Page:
Title: Charles Louis Heyde to Walt Whitman, 2 November 1884
Date: November 2, 1884
Source: Transcribed from digital images or a microfilm reproduction of the original item. For a description of the editorial rationale behind our treatment of the correspondence, see our statement of editorial policy.
Location: The Trent Collection of Whitmaniana, Duke University Rare Book, Manuscript, and Special Collections Library
Whitman Archive ID: duk.00396
Contributors to digital file: Alex Ashland, Stefan Schöberlein, Ian Faith, Nicole Gray, and Kyle Barton
Nov 2, 1884.
Han is certainly better, although fluctuating in her condition. I essayed to drive with her yesterday but was compelled to return. Some nights she does not sleep, at others sleeps well. She is about the house this morning: little appetite. She keeps your letters close by her: she cannot read much, or endure reading or talking. Dr Lund1 is attending her steadily; he is a good physician: Asks no fee, but I shall pay him in my way. I have used a portion of the money sent to Han, which I shall repay—to help get a frame. I have numerous good paintings, but money is scarce. I have to meet my annual interest next [week?] 15 dollars; that paid I [shall?] have a year before me to housekeeping.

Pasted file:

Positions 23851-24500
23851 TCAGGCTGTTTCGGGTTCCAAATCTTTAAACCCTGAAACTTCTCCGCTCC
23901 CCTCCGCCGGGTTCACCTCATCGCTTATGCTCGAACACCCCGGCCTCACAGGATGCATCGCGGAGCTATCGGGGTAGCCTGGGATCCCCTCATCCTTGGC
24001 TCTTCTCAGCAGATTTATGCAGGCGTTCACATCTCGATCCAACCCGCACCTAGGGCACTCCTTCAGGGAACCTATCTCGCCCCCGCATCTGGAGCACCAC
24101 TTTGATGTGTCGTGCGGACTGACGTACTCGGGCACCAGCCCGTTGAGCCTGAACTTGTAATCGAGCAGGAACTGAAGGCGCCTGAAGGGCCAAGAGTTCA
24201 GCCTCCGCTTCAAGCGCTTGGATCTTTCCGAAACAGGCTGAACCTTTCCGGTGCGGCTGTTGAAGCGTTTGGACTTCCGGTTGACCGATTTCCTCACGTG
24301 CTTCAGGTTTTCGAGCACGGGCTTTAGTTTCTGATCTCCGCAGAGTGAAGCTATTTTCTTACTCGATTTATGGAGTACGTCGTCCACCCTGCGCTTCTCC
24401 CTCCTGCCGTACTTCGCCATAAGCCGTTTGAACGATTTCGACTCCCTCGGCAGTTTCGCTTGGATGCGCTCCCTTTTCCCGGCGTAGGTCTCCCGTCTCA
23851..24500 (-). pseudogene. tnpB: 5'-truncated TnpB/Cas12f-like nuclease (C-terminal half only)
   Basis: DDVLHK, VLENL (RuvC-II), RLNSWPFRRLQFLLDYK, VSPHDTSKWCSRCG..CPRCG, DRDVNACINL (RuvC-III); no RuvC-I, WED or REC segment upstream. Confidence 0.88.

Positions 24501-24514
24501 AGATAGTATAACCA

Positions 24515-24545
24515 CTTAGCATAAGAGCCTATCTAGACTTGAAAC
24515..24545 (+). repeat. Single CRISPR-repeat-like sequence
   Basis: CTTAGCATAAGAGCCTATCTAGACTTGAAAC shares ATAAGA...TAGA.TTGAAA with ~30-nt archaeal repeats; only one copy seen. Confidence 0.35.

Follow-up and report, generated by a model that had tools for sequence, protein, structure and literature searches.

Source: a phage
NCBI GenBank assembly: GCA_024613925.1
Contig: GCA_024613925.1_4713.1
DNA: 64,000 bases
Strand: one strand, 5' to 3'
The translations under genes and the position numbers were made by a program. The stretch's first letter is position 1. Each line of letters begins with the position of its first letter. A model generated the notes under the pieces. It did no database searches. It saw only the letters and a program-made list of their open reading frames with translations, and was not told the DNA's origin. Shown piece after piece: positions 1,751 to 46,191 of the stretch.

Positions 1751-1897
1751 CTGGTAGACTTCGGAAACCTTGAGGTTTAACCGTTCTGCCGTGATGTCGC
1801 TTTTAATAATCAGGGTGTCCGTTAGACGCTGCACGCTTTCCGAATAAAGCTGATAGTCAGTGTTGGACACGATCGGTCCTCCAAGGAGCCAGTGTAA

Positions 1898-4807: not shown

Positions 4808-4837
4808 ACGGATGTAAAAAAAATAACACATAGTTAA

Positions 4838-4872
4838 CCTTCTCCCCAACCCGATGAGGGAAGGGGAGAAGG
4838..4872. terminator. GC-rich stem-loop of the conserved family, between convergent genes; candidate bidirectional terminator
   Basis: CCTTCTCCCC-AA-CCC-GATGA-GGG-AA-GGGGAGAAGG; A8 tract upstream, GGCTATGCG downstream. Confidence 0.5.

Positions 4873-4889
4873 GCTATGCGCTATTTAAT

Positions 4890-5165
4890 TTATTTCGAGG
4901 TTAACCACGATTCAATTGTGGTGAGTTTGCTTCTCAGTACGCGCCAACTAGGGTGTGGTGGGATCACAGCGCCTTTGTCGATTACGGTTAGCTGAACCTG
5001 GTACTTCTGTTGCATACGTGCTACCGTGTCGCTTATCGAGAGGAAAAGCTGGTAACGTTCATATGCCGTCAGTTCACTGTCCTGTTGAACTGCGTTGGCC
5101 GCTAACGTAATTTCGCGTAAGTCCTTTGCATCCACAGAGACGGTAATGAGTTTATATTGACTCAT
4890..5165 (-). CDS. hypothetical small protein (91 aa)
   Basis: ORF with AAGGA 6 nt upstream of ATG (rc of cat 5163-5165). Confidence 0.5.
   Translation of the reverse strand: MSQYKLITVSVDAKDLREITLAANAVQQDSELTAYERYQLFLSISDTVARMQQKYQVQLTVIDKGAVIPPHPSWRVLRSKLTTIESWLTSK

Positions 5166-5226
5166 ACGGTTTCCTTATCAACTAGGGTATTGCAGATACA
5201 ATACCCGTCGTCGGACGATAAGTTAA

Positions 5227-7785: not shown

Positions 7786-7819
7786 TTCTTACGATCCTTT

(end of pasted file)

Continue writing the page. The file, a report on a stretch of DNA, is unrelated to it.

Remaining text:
I washed our sheets yesterday, with Siddalls Soap2 nicely. I shall have a strange and instructing history to report some day probably, but I have saved in household service and other ways, over 60 dollars.
I shall continue as I am[:] our condition, of course is current through the town.
C L Heyde—
Charles Louis Heyde (1822–1890), a French-born landscape painter, married Hannah Louisa Whitman (1823–1890), Walt Whitman's sister, and they lived in Burlington, Vermont. Charles Heyde was infamous among the Whitmans for his offensive letters and poor treatment of Hannah. For more information about Heyde, see Steven Schroeder, "Heyde, Charles Louis (1822–1892)," Walt Whitman: An Encyclopedia, ed. J.R. LeMaster and Donald D. Kummings (New York: Garland Publishing, 1998).
1. Dr. William B. Lund became Hannah Heyde's doctor after the former doctor, Samuel W. Thayer, had died. He remained the family's doctor until Hannah Heyde's death in 1908. [back]
2. "Frank Siddalls Soap" was a laundry detergent widely advertised as a "Godsend to Housekeepers and Servant Girls" because it claimed to work "without boiling" (Harper's Weekly [2 February 1883], 79). Siddalls even sent out trial packages through the mail. On Siddalls's life and business ventures, see: "Some Interesting Episodes From the Career of the Late Frank Siddalls," Trade: A Journal for Retail Merchants 14 (Detroit, 1907), 26. [back]